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Four Roses Gets Back to Its Roots

Richard Carleton Hacker

Although it was originally produced as a straight bourbon, during the 20th century Four Roses became known as a blended whiskey. But today, thankfully for connoisseurs, Four Roses has returned to its roots and is once again being bottled as a straight Kentucky bourbon. Moreover, since 2007, master distiller Jim Rutledge has been producing a limited number of special editions. His latest offering is one of the purest expressions of this spirit yet. Four Roses 2012 Limited Edition Single Barrel bourbon ($90) is a 12-year-old cask-strength selection from barrels containing one of 10 proprietary recipes, coded OESK.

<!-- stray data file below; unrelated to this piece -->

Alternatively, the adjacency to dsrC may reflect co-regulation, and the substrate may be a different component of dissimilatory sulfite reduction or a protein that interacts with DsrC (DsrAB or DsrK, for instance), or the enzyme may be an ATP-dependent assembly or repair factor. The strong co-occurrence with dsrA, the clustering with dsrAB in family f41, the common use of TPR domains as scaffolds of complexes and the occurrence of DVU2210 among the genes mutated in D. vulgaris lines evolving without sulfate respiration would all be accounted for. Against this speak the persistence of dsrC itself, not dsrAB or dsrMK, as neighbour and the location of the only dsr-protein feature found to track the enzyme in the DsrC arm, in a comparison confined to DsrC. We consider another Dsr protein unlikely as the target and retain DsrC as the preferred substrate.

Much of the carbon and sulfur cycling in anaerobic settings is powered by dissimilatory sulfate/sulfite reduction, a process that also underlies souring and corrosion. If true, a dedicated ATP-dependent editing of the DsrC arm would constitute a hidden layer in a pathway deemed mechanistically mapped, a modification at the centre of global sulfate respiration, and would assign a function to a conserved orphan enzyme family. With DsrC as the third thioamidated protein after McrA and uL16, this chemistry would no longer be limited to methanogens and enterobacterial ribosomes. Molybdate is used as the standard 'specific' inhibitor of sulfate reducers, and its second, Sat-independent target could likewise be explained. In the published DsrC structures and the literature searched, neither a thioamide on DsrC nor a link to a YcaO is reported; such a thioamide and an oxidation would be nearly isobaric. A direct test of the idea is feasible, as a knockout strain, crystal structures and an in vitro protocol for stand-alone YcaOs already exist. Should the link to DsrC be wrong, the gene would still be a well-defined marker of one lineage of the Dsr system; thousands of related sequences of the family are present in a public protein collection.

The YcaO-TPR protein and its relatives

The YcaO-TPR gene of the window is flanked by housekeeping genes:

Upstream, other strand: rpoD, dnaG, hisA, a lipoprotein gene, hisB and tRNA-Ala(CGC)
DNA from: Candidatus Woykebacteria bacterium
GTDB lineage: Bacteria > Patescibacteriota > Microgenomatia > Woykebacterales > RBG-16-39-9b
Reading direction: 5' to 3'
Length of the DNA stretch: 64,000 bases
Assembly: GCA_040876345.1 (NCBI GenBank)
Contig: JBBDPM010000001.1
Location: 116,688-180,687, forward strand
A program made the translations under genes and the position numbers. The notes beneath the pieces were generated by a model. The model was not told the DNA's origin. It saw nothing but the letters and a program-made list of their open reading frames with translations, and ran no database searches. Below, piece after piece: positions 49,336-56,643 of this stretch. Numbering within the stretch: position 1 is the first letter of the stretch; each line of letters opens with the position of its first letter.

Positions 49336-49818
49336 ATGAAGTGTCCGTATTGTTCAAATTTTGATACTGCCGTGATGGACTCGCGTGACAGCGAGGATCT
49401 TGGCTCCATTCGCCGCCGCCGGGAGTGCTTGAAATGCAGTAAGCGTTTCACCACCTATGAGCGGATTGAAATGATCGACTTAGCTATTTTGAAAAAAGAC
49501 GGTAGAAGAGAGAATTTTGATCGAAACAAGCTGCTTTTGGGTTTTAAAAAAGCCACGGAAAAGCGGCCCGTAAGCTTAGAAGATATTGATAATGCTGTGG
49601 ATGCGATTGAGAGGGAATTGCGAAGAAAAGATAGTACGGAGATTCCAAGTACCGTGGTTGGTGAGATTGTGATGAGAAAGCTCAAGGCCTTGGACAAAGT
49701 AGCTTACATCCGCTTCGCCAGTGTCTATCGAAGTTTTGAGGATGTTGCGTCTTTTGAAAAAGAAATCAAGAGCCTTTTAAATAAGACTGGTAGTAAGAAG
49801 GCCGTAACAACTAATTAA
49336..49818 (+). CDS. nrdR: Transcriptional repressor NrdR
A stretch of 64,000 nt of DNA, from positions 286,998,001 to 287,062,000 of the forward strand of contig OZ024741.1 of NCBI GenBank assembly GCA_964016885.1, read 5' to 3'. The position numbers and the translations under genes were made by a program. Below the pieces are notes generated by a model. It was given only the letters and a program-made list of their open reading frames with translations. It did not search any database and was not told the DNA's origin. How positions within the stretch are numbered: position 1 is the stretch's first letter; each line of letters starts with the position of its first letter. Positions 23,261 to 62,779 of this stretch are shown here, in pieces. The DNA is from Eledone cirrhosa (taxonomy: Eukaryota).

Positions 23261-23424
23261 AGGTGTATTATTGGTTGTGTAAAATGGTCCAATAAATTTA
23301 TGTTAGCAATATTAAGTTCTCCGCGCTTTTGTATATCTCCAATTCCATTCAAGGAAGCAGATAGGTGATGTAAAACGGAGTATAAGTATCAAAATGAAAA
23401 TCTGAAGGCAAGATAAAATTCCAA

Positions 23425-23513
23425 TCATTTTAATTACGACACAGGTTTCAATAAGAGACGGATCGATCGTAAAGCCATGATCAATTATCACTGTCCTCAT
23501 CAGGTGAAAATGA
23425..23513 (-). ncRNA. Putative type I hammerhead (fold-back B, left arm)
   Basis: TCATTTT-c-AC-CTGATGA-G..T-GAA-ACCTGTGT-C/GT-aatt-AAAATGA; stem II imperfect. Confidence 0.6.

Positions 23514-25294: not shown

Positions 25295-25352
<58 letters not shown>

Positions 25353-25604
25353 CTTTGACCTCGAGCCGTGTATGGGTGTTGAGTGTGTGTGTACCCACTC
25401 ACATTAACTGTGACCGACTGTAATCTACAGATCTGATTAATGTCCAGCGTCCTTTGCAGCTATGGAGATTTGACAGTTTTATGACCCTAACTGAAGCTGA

“This year’s single-barrel selection really brings out the spicy aroma and flavor that is characteristic of our OESK recipe,” says Rutledge. “When I tasted it, I found cinnamon and nutmeg spices were evident, and felt it would make for a great bourbon to be enjoyed neat or on the rocks.”

Indeed, uncut and non-chill filtered, and with a straight-from-the-cask proof ranging from 100.6 to 114.4, depending on the casks selected, each of the 5,178 individually hand-numbered bottles offers the opportunity to experience the unadulterated taste of one of America’s classic whiskeys. Interestingly, Four Roses bourbon was named not for the flower, but for Rufus Mathewson Rose, founder of the Kentucky distillery where it was first produced in 1888, and for his brother Origen, and their two sons. Hence, the name Four Roses. (www.fourrosesbourbon.com)

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